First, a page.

I think the best thing that could happen, as I said, is that if out of the summit came a joint agreement between United States and China. China has good relations, economic investments in Israel, for example. Israel is also confronted with a situation where they also have to think about the long-term or medium-term effect: do they really want to have an adversarial relation with their Arab neighbors, or do they want a situation which finally becomes stable and secure?
So, I think that the Biden administration should work with China. That’s my view, because the Chinese are the only ones that have made a concrete proposal for a Middle East peace conference. And if the United States and China would both send that message, something could be done to stop this unbelievable killing which is going on in Gaza, which turns everybody’s stomach.
On the second question: Could the Arab countries do something? Well, they could. They could have already done something in the past; they could have done more to help the Palestinians in all kinds of situations. I think they should participate in a constructive role in the Middle East peace conference. The only way how the situation can be stabilized is what my late husband, Lyndon LaRouche, already said in 1975, when he offered the “.”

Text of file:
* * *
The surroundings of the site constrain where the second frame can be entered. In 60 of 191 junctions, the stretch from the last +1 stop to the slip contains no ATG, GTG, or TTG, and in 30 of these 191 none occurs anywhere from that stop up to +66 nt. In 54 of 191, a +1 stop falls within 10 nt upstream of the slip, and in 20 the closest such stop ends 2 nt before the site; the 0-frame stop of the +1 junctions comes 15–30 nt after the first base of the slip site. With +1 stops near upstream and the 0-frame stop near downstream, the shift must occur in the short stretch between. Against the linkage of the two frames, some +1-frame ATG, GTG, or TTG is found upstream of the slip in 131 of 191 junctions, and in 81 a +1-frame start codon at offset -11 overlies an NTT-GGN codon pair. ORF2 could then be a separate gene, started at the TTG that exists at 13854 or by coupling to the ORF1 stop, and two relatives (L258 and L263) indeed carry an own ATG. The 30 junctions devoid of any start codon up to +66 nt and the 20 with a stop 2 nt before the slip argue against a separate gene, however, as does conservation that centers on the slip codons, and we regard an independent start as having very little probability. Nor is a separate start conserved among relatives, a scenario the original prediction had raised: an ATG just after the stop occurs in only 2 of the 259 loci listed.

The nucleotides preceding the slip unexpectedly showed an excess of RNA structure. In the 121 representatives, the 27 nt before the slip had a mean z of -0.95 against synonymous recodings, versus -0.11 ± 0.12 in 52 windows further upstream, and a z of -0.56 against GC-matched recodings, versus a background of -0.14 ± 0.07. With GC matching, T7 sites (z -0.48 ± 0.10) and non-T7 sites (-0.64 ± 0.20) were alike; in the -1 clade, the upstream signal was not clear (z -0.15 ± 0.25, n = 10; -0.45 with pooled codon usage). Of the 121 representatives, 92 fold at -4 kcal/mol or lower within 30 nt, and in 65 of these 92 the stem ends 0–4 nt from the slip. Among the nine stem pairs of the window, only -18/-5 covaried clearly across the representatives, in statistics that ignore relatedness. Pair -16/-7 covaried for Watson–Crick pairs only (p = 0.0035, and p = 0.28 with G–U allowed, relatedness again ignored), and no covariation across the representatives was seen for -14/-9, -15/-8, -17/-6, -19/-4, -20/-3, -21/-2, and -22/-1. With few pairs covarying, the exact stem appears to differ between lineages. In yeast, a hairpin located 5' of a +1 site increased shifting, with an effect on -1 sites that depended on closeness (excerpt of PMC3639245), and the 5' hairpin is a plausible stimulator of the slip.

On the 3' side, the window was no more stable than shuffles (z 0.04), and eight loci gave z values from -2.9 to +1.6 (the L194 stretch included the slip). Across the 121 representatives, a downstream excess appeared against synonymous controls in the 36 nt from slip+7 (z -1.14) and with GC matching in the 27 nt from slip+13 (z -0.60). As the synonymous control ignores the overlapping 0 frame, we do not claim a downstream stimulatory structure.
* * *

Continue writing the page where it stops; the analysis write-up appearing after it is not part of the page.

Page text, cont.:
That was the idea that you have to have massive economic development in all of these countries, most of which are almost entirely deserts. So, to start with the creation of new, freshwater is absolutely the precondition for any kind of development. And then you need basic infrastructure. And the situation now is favorable because of the rapprochement between Iran and Saudi Arabia, the offers by China to extend the Belt and Road Initiative into the entire region, the fact that there are many countries that do want to work with the Belt and Road Initiative, such as Egypt, Türkiye, Syria, Iraq, Afghanistan.
So, there is a lot of potential to solve the situation, and if everybody would agree that we have to have a win-win survival perspective for everybody, and that everybody can only benefit if there is joint economic development, and that everybody can lose if there is a continuation of the war. Hopefully, there will be some understanding in this direction.
Demonstrations for a Ceasefire Must Continue
Harley Schlanger: We’re getting a number of questions from the United Kingdom Let me start with two of them. From Lori: Referring to the large protest demonstration that took place in London last weekend, she writes,